For a global public higher education: my experience as an NUS Delegate


The National Students Union (NUS) held its National Conference in April. I ran to represent on the issue of fee reduction or total compensation for students. In my case, as an international postgraduate student from Latin America, I saw the topic as an opportunity to address the differences between fee rates, not only between home students and international students. Also, there are many differences between international students. As a result, the national motion proposed by several student unions, including King’s College London, was accepted. Moreover, the motion was amended with the necessary distinction between home and international students. Finally, the amendment re-frames the focus of the fee strike towards a public financed higher education system.

The original phrasing of the motion referred only to a refund of fees based on the pandemic experience and had no explicit mention of international students. However, as I addressed my fellow delegates by presenting the motion on behalf of the KCL delegation, quality of treatment by universities was just the peak of the iceberg of significant problems: fees became another burden for students and their families, home and abroad, and the pandemic showed how the privatised system of public education is not oriented to change lives, just granting degrees in exchange for profit.

As many international students pointed out during the online workshops wonderfully arranged by the NUS Conference staff, their families lost income. Part of their funds collapsed because most currencies depreciated in front of the Great British Pound. Reportages by several news organisations have shown how international students have recurred to food banks, debt, or charity. Even when the government says that they allocated funds for international students struggling, the images of international students in queue lines waiting for food showed the harrowing reality. The idea of the wealthy international student broke down before our eyes. We are middle income, or even working-class students, looking for better education opportunities in the United Kingdom.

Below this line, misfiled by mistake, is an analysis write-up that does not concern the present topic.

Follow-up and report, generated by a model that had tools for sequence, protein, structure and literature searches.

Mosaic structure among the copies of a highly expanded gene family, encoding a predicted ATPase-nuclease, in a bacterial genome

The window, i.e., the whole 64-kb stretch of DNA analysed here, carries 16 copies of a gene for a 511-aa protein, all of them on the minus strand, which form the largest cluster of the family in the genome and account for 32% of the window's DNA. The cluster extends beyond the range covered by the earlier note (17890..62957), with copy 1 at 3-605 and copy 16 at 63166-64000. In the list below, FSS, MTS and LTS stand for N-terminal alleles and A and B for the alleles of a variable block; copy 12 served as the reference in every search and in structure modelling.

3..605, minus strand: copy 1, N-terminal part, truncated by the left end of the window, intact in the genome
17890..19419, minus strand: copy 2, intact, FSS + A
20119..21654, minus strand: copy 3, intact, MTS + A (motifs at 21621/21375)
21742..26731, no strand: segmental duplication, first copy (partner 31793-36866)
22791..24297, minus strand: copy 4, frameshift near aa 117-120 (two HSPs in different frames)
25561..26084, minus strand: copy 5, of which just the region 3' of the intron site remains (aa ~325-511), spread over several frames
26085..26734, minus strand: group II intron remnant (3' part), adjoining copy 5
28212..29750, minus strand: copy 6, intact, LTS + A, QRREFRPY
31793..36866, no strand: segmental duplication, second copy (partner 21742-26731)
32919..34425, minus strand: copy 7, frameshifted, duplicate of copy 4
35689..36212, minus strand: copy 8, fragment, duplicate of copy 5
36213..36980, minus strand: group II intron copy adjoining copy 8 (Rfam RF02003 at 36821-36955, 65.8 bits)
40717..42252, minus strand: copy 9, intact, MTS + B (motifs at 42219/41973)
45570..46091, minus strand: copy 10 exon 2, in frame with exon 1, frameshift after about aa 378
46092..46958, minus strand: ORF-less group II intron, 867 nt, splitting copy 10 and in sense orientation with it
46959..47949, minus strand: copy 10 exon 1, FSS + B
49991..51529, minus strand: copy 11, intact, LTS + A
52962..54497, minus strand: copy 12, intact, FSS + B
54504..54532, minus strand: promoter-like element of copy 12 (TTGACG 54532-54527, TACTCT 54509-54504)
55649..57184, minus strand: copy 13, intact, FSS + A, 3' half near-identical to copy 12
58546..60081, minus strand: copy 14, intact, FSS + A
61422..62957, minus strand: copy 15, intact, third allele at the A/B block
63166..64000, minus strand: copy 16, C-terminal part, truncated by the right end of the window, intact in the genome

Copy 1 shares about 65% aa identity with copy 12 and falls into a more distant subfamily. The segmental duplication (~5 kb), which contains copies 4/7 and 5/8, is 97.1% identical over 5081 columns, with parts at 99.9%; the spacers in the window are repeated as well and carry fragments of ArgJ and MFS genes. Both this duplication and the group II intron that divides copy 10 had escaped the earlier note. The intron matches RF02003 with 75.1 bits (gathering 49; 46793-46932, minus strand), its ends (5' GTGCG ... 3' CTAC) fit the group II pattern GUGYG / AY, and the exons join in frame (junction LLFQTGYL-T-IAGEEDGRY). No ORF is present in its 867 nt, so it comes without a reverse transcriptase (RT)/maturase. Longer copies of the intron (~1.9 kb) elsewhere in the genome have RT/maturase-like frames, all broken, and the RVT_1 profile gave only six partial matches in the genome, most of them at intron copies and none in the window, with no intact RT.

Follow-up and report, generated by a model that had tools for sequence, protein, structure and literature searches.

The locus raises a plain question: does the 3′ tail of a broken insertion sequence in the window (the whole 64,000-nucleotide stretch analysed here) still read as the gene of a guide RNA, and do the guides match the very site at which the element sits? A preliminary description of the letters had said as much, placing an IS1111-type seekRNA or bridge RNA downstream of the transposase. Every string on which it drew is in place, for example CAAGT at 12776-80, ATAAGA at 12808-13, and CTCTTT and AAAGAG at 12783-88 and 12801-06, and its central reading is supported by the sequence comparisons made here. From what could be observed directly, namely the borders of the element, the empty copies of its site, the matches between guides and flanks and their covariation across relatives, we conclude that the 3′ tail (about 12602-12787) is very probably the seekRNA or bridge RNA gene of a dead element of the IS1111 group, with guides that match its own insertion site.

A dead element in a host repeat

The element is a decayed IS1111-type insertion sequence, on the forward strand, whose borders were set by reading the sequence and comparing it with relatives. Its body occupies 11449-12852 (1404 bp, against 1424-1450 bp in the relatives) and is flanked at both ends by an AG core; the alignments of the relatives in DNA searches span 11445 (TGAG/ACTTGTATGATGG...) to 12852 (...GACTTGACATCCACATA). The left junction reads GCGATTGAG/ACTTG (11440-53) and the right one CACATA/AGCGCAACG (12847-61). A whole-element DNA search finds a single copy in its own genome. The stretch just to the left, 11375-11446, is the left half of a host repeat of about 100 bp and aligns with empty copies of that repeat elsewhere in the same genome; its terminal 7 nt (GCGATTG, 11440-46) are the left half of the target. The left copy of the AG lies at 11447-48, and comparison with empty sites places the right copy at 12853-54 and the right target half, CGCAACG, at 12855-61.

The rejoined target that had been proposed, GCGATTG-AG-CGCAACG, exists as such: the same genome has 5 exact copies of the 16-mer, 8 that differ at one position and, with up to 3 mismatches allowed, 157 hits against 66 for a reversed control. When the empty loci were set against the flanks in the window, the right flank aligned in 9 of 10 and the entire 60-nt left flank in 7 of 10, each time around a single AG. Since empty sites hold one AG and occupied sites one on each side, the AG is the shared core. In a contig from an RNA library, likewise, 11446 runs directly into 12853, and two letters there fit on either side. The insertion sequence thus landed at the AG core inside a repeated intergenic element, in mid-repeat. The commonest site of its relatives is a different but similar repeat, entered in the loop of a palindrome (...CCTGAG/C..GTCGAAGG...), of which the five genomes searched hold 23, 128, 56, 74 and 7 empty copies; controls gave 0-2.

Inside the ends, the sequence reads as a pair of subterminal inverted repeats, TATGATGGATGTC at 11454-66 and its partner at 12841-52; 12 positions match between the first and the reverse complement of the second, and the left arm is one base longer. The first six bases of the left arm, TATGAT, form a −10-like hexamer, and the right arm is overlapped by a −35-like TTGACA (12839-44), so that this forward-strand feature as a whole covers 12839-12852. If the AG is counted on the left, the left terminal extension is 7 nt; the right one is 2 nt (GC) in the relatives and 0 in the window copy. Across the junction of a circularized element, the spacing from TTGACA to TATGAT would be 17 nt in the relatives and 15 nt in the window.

This is not about a service provided by a company. It is about a model that profits with one of the most valuable public goods: education. The education we received during the pandemic was hindered by the conditions that universities put forward. At the Conference, I called for solidarity with teachers, lecturers, and staff of universities. They have done miracles with scarce resources and support from universities after struggling with authorities about pensions and salaries. Education is a good that has to be cared as a public investment. It should not be fees for profit that causes stress in families home and abroad.

As a result of the discussion by the NUS delegates, especially international students, the motion was amended, aiming for a more integral approach to the fees question. In the short term, the fee strike for the refund has to be re-framed as another COVID-19 relief measure for working families home and abroad. For a long campaign, the relief has to be a breaking point to shift the discussion to public-funded higher education. Erase the discourse against teachers, or differentiate fees between national or international students, and unite around the idea that public-funded education through a student movement is possible. In Latin America, there are examples of this: Chilean student unions got public funding after long strikes recently. In 1999, Mexican students avoided a financial reform in the National University (UNAM) by opposing fees. And public higher education is a reality in Europe, Asia, Africa, and Latin America. 

Global public education in the United Kingdom is possible. Quality does not equate to cost for students. Education is also about how universities and governments treat and invest in their students to be the best and change lives. Suppose Britain wants to be a Global influence again. In that case, it needs to treat its students as the best potential ambassadors to the world. The government must not expect students to pay to maintain a structure out of touch with the necessities of students and university workers. I hope you join the strike and the mobilisation in favour of public education around the world.